Dualit DAB Lite radio
Howdy doodley dooo...
Review This latest offering from Dualit is based on the iconic toaster products the company is better known for. Bored of knocking out breakfast, Dualit is now knocking out music to accompany your muesli.
Now before we go any further, a few words on DAB itself. There has been a lot of knife chucking of late, so let's just take stock for a minute. According to the latest Q1 RAJAR figures, nearly 11 per cent of everyone who listens to radio does so using a DAB radio. This compares to the 2.1 per cent who listen over the internet and 3.2 per cent through digital TV.
Dualit's Lite: DAB hand
According to market number-cruncher GfK, cumulative sales of DAB products stand at 7.05m at the end of Q1 following a record Christmas and growth of 28 per cent year-on-year. DAB radios are currently selling at more than 2m a year and can be found in more than a quarter of UK homes.
No one is saying it hasn't been a challenging time for DAB, but the current situation is most accurately seen as a sharp learning curve as broadcasters learn how to promote and get the most out of the new format. The continued commitment from the BBC - and, next year, Channel 4 - also ensures DAB will be around for a little while yet.
Now, back to the Dualit: measuring 225 x 155 x 90mm and weighing in at 1.15kg it certainly looks the part, with an ever-so-slight hint of art deco influence in its minimalist design. Its silver buttons and dials are quite attractive and have a decent click action to them. However, we did find that the main volume knob on the side of the review unit was a little loose fitting and could easily become detached.
There's a sensible recess area for the aerial to retract fully into, as many radios don't provide anything like this, and antennae often end up getting damaged if the product is carried around a lot. There are also some useful non-slip feet that do a good job anchoring the product even on challenging surfaces.
Despite these useful features, the overall appearance and feel of the product is still only good rather than great. It's not the most solid DAB radio we've ever tested.
Navigation is uncomplicated and intuitive
FM - with RDS - and DAB are supported with an adequate number of 20 favorite stations - ten DAB and ten FM - which are easily programmable and accessible from the main numbered buttons on the front. The display is described as "oversized". We wouldn't necessarily go along with that description, but the white-on-blue window does provide a decent size of text and clarity for the various station info and broadcast status information available.
Start up is trouble free and quick. We got 29 stations right from the off, about average for the part of the country we were testing in. Navigation is uncomplicated and intuitive, with no need to refer to the manual. There is an alarm and a snooze function, but as this machine is heavily aimed at users in the kitchen, a special ‘egg timer’ function has been added to make sure you get the perfect boiled egg and soldiers to go with your sounds.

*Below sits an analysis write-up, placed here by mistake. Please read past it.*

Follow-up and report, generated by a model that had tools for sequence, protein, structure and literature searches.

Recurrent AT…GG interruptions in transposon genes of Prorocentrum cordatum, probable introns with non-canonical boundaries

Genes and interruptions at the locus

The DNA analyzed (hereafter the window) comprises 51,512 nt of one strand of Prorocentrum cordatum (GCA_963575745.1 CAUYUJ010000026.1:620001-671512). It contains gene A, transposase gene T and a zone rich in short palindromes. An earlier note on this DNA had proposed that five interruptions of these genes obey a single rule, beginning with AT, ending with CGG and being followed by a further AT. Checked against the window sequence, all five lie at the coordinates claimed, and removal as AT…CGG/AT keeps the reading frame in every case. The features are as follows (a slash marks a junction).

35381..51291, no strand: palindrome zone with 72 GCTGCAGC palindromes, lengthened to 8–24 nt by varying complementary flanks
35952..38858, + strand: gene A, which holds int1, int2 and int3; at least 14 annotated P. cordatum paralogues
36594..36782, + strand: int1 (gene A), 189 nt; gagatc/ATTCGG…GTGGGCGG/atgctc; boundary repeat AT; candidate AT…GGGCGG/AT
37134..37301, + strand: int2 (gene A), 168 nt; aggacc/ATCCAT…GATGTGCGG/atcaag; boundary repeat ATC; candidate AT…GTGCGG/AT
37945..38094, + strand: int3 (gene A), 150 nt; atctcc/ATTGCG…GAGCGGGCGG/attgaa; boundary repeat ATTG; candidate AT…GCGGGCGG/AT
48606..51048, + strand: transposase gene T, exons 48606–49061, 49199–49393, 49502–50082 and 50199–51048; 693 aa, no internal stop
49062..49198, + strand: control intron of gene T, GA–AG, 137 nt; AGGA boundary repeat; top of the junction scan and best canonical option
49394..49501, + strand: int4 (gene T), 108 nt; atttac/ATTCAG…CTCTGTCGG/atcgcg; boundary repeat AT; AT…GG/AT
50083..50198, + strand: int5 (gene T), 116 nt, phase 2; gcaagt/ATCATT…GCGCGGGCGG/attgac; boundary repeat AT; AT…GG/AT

The white-on-blue window displays clear information
It's nice, quirky feature, but not something that we felt would add real value over time. Much better would have been an input for an MP3 player as so many of the radios in this price bracket do now. The unit can be powered by the mains or AA batteries. If you're using rechargeables, the radio has a built in charger so the batteries can be kept topped up and ready for use.
A special switch inside the battery compartment lets the user tell the product whether ordinary or rechargeable batteries are to being used and allows the unit to work at maximum efficiency. Still, we couldn’t help thinking an internal rechargeable battery would have been a better choice. However, a very useful feature is the UK/EU plug adaptor that comes as standard, a really handy addition this that more manufacturers should take on-board.
The company makes a point of underlining the product’s ability to project a room-filling sound even for relatively large spaces and at high volume. Back to that wobbly volume knob again, but giving a good tweak we found the claims to be mostly justified. This is where the product does come into its own.
Available in chrome, slick black and country cream
Choosing the BBC’s Asian Nework and some bouncy and complex Bhangra sounds, we found that the unit proved itself versatile enough to cope. Going up a level, we switched to some Iron Maiden out of ‘dad-rock’ station Planet Rock and really cranked up the volume. Again, the unit coped well with a nice rich sound which does maintain clarity at high volume through its 3in, 6W down-ported driver.
This is a great looking radio with a good sound. However, sensible additions - protection for the aerial and a European power adapter - are offset by the lack of an extra input for an MP3 player, although the unit does have a headphone socket.
The price tag of £85 feels a little on the heavy side too, and you do feel that you're paying for the styling of the product a little too much. Still, if the looks of the product are to your liking, then perhaps the Dualit might find a happy home next to your smoothie maker and those George Foreman grills that everyone has, but never uses.